Having got a connection we then need some methods to provide a simple interface for sending commands and getting back the results.  Here's the common methods for sending messages.

   * Send an AT command to control the ELM327 interface
   * @param command The command string to send
   * @return The response from the ELM327
   * @throws IOException If there is a communication error
  protected String sendATCommand(String command) throws IOException {
    /* Construct the full command string to send.  We must remember to
     * include a carriage return (ASCII 0x0D)
    String atCommand = "AT " + command + CR_LF;
    debug("ELM327: Sending AT command [AT " + command + "]", 1);

    /* Send it to the interface */
    debug("ELM327: Command sent", 1);
    String response = getResponse();

    /* Delete the command, which may be echoed back */
    response = response.replace("AT " + command, "");
    return response;

   * Send an OBD command to the car via the ELM327.
   * @param command The command as a string of hexadecimal values
   * @return The number of bytes returned by the command
   * @throws IOException If there is a problem communicating
  protected int sendOBDCommand(String command)
      throws IOException, ELM327Exception {
    byte[] commandBytes = byteStringToArray(command);

    /* A valid OBD command must be at least two bytes to indicate the mode
     * and then the information request
    if (commandBytes.length < 2)
      throw new ELM327Exception("ELM327: OBD command must be at least 2 bytes");

    byte obdMode = commandBytes[0];

    /* Send the command to the ELM327 */
    debug("ELM327: sendOBDCommand: [" + command + "], mode = " + obdMode, 1);
    elmOutput.write((command + CR_LF).getBytes());
    debug("ELM327: Command sent", 1);

    /* Read the response */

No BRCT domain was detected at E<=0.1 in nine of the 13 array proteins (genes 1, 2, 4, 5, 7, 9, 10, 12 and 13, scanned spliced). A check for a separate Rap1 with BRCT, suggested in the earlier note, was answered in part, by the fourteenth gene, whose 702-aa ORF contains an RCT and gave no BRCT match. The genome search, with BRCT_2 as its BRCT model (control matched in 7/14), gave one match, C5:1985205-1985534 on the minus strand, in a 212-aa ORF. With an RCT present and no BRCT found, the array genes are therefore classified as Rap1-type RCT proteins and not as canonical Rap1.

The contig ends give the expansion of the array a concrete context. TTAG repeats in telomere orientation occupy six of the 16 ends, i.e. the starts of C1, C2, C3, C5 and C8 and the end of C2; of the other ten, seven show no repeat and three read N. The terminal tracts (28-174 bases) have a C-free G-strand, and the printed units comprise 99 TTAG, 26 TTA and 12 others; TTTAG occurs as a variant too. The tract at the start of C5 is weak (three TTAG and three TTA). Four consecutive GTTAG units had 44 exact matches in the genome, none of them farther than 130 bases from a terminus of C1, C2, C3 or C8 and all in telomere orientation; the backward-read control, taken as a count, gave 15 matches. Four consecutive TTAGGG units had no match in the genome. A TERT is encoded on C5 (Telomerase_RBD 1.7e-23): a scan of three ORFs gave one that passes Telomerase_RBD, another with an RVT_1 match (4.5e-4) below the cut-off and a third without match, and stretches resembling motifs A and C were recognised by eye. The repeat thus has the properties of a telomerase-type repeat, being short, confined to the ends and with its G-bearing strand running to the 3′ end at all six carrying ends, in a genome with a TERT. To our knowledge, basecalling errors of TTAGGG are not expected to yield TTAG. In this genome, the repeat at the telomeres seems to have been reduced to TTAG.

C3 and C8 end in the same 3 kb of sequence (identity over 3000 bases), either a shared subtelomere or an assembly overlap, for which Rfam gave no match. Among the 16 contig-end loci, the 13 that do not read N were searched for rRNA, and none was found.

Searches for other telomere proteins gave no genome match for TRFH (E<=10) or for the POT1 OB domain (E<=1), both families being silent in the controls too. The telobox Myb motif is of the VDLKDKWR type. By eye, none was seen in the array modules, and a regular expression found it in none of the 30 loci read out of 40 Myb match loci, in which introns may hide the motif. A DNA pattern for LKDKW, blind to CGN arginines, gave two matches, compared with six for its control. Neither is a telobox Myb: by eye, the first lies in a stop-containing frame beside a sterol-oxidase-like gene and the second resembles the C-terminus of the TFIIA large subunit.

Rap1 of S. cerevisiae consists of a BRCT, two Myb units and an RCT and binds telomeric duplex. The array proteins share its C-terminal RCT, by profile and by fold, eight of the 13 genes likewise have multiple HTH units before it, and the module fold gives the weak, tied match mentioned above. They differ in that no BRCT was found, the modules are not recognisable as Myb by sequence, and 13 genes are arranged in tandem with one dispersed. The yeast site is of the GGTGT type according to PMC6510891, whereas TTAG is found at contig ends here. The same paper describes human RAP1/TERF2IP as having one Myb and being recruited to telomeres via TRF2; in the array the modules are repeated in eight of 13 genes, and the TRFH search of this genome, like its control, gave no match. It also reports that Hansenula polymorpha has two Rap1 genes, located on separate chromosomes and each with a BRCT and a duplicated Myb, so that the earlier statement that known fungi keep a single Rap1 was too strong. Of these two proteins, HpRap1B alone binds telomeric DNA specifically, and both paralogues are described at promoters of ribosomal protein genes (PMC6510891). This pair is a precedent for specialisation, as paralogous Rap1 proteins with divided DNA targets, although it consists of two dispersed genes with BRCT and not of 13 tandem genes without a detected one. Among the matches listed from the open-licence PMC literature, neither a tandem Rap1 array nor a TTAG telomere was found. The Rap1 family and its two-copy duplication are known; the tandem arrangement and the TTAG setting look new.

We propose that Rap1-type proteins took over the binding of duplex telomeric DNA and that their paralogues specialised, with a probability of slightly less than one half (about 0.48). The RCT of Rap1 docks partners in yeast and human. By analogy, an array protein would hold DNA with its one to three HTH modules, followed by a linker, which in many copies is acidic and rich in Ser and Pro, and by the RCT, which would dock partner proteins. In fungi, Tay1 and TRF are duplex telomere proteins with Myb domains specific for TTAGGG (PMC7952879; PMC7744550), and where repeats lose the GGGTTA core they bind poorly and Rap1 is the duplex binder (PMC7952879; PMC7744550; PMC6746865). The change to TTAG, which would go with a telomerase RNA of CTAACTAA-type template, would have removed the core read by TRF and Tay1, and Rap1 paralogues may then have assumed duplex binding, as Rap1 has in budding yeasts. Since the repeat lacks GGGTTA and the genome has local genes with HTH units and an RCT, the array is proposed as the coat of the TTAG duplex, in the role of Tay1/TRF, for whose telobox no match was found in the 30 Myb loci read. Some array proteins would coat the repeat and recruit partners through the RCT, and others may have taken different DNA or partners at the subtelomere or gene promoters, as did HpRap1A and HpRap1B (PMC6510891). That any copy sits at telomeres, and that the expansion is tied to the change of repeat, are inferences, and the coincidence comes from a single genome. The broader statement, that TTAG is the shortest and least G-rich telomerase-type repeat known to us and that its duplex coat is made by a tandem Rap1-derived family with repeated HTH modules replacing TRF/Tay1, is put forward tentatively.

String response = getResponse();

    /* Remove the original command in case that gets echoed back */
    response = response.replace(command, "");
    debug("ELM327: OBD response = " + response, 1);

    /* If there is NO DATA, there is no data */
    if (response.compareTo("NO DATA") == 0)     
      return 0;

    /* Trap error message from CAN bus */
    if (response.compareTo("CAN ERROR") == 0)
      throw new ELM327Exception("ELM327: CAN ERROR detected");

    rawResponse = byteStringToArray(response);
    int responseDataLength = rawResponse.length;

    /* The first byte indicates a response for the request mode and the
     * second byte is a repeat of the PID.  We test these to ensure that
     * the response is of the correct format
    if (responseDataLength < 2)
      throw new ELM327Exception("ELM327: Response was too short");

    if (rawResponse[0] != (byte)(obdMode + OBD_RESPONSE))
      throw new ELM327Exception("ELM327: Incorrect response [" +
          String.format("%02X", responseData[0]) + " != " +
          String.format("%02X", (byte)(obdMode + OBD_RESPONSE)) + "]");

    if (rawResponse[1] != commandBytes[1])
      throw new ELM327Exception("ELM327: Incorrect command response [" +